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  1. #1
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    Silly question...

    I know that whenever I break into an hvac system to do a repair or replace a component, I need to replace the filter dryer. But what if that filter dryer is in the condenser like many manufacturers do (like Goodman and Lennox) to name a few.

    So if I pump down the system to replace an indoor TXV, do I need to recover the gas to replace the filter dryer? Assuming there is no temp split across the dryer. That could be pretty costly to the customer on some of these larger R-22 systems.

    Thoughts? Comments?
    Last edited by joemach; 08-21-2019 at 06:55 PM.
    Can someone please explain to me -
    Why is there never enough time to do it right the first time, but plenty of time to do it twice?


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  2. #2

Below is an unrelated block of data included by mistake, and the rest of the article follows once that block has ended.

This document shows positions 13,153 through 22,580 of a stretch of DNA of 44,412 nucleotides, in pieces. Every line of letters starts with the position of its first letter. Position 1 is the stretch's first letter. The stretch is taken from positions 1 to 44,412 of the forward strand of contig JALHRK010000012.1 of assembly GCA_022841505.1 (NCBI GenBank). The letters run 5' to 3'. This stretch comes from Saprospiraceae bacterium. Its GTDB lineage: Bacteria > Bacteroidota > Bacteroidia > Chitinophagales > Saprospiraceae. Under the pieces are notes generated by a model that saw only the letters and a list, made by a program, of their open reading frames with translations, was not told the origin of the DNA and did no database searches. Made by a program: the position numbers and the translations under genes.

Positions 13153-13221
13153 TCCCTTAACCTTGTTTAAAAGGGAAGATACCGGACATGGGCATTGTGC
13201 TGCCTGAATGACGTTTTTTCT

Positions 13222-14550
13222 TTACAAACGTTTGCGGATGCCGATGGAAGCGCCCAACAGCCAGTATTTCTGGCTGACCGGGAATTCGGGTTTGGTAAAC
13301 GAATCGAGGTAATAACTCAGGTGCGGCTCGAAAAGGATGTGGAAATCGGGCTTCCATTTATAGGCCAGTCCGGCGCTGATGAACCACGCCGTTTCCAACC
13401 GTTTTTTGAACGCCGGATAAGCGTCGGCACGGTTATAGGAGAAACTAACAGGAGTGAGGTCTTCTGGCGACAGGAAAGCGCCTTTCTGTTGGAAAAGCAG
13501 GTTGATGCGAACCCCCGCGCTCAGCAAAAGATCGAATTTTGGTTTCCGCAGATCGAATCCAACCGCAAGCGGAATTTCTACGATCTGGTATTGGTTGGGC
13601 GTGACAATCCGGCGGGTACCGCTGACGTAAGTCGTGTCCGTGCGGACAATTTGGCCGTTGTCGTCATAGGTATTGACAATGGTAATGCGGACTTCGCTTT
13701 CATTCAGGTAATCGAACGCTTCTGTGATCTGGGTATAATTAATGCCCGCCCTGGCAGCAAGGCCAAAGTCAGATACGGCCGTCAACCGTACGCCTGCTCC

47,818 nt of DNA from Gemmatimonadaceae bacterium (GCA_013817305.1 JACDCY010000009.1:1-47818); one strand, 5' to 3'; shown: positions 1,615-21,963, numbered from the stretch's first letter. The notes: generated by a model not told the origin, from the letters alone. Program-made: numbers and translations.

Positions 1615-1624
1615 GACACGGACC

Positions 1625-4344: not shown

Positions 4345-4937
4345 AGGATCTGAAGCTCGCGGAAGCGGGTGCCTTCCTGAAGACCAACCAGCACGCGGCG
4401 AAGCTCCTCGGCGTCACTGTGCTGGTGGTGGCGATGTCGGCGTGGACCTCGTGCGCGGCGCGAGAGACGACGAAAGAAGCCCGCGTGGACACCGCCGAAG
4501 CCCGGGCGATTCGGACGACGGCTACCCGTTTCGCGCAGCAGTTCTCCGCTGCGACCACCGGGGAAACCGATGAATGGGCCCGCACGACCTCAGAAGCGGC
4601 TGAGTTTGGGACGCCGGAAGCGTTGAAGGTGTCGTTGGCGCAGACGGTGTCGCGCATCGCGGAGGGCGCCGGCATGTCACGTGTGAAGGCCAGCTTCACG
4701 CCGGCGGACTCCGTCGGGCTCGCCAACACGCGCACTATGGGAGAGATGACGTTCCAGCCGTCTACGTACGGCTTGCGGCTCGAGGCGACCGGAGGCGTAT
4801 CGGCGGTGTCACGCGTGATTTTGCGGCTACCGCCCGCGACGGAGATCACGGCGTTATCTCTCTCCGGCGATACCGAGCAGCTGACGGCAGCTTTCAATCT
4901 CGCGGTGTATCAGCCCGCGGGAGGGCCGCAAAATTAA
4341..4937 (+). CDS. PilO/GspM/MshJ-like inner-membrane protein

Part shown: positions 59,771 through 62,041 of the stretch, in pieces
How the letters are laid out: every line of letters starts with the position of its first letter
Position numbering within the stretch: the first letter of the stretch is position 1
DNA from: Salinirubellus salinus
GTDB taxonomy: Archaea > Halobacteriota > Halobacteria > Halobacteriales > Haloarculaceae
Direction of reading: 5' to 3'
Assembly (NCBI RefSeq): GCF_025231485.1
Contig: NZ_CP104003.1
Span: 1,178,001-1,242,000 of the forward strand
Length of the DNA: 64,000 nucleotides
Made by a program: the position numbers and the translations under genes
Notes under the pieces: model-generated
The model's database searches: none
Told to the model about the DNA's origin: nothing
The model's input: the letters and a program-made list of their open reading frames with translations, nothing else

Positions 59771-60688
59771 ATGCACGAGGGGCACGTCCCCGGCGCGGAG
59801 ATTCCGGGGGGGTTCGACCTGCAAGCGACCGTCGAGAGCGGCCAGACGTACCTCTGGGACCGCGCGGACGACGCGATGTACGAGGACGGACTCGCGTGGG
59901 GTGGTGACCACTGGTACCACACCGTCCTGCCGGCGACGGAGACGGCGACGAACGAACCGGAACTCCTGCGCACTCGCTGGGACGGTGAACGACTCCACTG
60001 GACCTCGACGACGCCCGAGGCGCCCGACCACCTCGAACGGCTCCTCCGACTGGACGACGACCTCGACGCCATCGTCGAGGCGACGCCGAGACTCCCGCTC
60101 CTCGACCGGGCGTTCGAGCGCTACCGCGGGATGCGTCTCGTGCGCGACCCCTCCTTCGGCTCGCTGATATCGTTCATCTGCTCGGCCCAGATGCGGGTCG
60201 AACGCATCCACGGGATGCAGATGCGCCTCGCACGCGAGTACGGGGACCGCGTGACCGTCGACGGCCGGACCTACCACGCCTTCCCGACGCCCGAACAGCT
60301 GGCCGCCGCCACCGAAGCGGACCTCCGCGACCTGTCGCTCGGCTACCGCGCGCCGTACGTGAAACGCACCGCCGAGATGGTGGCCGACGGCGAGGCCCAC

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    I wouldnt think so. You havent contaminated the system. Be nice to know how the system was installed originally. That drier could be F'd.


    Let me change my answer. Change it, lol.

  3. #3
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    Good practice is to change it. On the other hand, if it wasn't plugged before, you follow proper brazing practices eliminating contaminants, I think you'll be ok. Now if it looked like a hack threw it together, I'd just change it. If the unit was flat, I'll change it.

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  4. #4
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    Quote Originally Posted by BennyD View Post